Monday, December 22, 2014

An Open Letter to Young Journalists

This didn't start out as an open letter. In fact, this is taken pretty much directly from a note I sent a young journalist with whom I occasionally exchange e-mails. But I feel like it's a really important thing they don't teach in journalism school or intern orientation. So, here it is: don't be a pain in the ass.

And now I am going to offer you some unsolicited and random advice that is really really important. But I offer it because I want you to succeed.  
People who are easy to edit go far in life. I don't just mean coming in with a polished product. I mean greeting each edit as an opportunity to get better at the craft. Realizing that you don't know it all, that there's so much you can learn and that a good hard edit is the best way to do it. Not pushing back hard on things that don't matter. Realizing every word you have written is not golden. Letting an editor kill one of your babies (a beloved piece of tape) or if you really, really don't want to let it go offering some other way to make up the time or otherwise tighten the piece. 
Edits can be negotiations. But they should never be battles. Resist all urges to be defensive. Treat every editor as a mentor. Sometimes this is hard to do, especially if you don't actually have a ton of respect for the editor. But realize you can learn something even from a mediocre editor.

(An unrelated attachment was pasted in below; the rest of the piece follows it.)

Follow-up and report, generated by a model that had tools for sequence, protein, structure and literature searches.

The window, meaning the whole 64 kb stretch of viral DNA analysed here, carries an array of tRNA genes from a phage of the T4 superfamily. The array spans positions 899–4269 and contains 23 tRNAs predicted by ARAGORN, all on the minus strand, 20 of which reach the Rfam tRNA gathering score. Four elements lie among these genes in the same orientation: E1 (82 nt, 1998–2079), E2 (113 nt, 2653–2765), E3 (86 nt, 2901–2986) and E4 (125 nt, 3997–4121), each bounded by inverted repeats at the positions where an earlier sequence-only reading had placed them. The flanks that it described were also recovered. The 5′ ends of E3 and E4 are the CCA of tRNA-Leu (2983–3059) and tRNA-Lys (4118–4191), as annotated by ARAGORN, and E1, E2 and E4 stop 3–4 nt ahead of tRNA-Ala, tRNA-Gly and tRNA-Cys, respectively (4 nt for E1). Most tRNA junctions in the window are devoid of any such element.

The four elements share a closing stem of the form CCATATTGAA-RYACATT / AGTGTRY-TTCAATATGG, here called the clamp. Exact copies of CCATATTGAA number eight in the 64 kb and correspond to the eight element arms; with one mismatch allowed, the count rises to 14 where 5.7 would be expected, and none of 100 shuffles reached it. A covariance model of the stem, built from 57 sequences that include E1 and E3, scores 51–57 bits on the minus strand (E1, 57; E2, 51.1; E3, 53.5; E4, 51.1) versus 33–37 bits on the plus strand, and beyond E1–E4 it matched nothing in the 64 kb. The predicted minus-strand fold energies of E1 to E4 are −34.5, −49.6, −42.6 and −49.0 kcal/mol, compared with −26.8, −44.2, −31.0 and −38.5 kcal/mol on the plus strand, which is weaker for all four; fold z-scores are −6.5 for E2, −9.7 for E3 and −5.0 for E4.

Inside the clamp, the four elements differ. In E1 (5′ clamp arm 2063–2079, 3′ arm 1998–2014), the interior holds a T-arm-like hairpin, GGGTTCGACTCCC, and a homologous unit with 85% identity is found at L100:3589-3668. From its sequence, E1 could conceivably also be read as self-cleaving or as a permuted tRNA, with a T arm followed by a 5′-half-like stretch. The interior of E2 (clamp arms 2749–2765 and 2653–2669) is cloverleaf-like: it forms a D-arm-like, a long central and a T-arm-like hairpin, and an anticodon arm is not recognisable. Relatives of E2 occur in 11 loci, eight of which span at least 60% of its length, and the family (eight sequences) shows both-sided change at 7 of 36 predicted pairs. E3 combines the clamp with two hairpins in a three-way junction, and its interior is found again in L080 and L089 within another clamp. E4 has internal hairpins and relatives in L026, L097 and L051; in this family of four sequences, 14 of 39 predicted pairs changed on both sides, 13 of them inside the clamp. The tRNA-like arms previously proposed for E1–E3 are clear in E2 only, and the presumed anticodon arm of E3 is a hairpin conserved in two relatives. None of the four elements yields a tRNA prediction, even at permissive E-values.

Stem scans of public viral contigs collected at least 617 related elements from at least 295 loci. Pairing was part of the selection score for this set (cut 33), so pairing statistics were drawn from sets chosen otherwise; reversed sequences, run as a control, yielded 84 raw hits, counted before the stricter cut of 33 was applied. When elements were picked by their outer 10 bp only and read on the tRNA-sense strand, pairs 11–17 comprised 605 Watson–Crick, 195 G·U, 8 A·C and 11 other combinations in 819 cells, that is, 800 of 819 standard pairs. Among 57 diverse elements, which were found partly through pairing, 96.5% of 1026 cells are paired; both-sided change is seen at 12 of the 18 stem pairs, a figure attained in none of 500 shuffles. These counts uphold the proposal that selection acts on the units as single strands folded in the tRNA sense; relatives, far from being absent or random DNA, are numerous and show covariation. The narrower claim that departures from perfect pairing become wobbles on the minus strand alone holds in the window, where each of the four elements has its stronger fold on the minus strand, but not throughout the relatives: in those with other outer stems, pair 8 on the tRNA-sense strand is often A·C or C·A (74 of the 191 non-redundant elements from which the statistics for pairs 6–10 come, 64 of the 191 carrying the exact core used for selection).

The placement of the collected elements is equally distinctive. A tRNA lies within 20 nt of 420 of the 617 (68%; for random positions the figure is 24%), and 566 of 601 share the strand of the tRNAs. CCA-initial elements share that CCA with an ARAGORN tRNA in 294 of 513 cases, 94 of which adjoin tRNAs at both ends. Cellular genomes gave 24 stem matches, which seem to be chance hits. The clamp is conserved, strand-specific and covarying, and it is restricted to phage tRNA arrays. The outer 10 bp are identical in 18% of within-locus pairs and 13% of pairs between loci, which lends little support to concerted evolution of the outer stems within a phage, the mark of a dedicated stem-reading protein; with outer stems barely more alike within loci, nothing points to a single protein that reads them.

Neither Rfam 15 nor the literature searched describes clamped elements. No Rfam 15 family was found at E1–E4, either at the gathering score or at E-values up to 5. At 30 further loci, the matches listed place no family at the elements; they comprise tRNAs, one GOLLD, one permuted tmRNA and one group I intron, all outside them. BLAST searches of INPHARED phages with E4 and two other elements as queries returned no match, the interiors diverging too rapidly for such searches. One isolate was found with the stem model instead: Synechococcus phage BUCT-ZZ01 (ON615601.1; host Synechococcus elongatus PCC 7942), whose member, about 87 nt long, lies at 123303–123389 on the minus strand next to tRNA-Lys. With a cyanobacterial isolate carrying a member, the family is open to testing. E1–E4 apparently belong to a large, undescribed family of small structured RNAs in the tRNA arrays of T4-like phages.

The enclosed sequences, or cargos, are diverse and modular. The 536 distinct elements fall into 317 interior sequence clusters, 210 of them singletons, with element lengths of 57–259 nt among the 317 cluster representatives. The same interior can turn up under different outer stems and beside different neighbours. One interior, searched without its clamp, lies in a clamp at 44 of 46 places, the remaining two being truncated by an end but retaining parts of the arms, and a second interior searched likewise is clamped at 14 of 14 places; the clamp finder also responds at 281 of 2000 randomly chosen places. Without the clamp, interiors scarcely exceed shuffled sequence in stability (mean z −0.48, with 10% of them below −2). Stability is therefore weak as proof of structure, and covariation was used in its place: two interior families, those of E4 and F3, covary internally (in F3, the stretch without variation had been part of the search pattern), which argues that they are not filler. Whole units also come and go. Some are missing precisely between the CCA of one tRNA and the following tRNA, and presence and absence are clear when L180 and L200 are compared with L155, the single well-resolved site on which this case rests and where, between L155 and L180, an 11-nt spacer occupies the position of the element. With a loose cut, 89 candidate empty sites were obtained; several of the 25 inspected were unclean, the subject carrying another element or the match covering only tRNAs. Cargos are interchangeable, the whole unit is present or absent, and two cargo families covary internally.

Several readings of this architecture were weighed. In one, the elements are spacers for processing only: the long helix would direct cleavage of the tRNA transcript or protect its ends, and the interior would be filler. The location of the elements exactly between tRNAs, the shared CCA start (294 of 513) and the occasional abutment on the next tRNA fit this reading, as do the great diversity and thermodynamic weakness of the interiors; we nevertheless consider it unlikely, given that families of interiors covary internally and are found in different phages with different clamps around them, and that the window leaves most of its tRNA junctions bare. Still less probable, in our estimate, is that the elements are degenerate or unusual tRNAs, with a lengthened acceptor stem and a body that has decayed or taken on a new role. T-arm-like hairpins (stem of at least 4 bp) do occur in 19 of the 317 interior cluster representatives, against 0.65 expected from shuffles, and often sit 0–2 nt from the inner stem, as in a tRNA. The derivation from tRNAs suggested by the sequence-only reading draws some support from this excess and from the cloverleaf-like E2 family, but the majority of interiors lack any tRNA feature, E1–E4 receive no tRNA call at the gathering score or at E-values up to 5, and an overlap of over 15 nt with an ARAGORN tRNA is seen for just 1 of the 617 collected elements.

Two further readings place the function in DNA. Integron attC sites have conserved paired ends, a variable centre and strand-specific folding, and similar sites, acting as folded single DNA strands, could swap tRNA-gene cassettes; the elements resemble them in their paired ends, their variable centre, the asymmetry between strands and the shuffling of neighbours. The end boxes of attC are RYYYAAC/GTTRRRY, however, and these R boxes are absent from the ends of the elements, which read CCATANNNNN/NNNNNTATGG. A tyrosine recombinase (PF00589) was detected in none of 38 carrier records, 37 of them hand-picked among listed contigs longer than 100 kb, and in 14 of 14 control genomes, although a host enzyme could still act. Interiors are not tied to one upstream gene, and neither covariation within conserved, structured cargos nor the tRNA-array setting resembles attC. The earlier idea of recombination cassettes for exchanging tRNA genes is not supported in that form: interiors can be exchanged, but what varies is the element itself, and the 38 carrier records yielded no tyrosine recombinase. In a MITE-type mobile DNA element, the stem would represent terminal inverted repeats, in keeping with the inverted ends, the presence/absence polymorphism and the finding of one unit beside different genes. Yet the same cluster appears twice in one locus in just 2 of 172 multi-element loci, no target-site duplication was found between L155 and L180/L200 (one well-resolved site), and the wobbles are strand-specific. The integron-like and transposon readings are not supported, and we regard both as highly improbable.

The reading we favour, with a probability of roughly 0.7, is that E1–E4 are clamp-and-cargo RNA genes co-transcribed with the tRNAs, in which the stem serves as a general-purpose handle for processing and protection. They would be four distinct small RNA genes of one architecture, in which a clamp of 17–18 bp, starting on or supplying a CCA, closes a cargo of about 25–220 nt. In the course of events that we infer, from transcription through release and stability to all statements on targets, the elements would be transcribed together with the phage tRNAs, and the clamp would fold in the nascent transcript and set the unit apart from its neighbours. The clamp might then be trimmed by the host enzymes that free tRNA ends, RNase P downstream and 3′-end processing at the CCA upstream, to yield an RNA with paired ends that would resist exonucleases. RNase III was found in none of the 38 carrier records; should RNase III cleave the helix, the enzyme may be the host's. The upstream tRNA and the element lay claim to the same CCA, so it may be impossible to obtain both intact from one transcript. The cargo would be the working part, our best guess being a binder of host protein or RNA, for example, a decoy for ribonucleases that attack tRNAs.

Now, I'm not saying you should just roll over if in the course of an edit your editor suggests adding a phrase you would never write or say. And certainly if a factual inaccuracy is introduced, stand up for your journalism. But these cases are rare. And there is always a way to push back without being a jerk about it.   
This is my personal philosophy now. I am a freakin' White House Correspondent and I don't know it all. My editors make me better every day. And part of my job as a reporter is to make them feel good about their work by being edited with grace. Seriously. Editors get their job satisfaction from making us better. It should be a pleasant experience for them.  
Back in the day, I produced a podcast B-Side and I also worked with a lot of interns. I edited a lot of people. The people who were somewhat unpleasant to edit, or fought over every word or came off like they knew it all...I've watched their careers derail. Not a single person who I edited who I thought "damn, I didn't enjoy that and I'd rather not edit them again," not one of them has had a successful career in public radio or even journalism.  
It matters. A lot. How you interact with editors and colleagues now could well be more important than anything you write.  
I believe I made it as far as I have because I am agreeable, I make sure editors know I want to be edited and I appreciate what they do...and because I sometimes bring baked goods to the office. Being good isn't good enough.  
Off my soap box.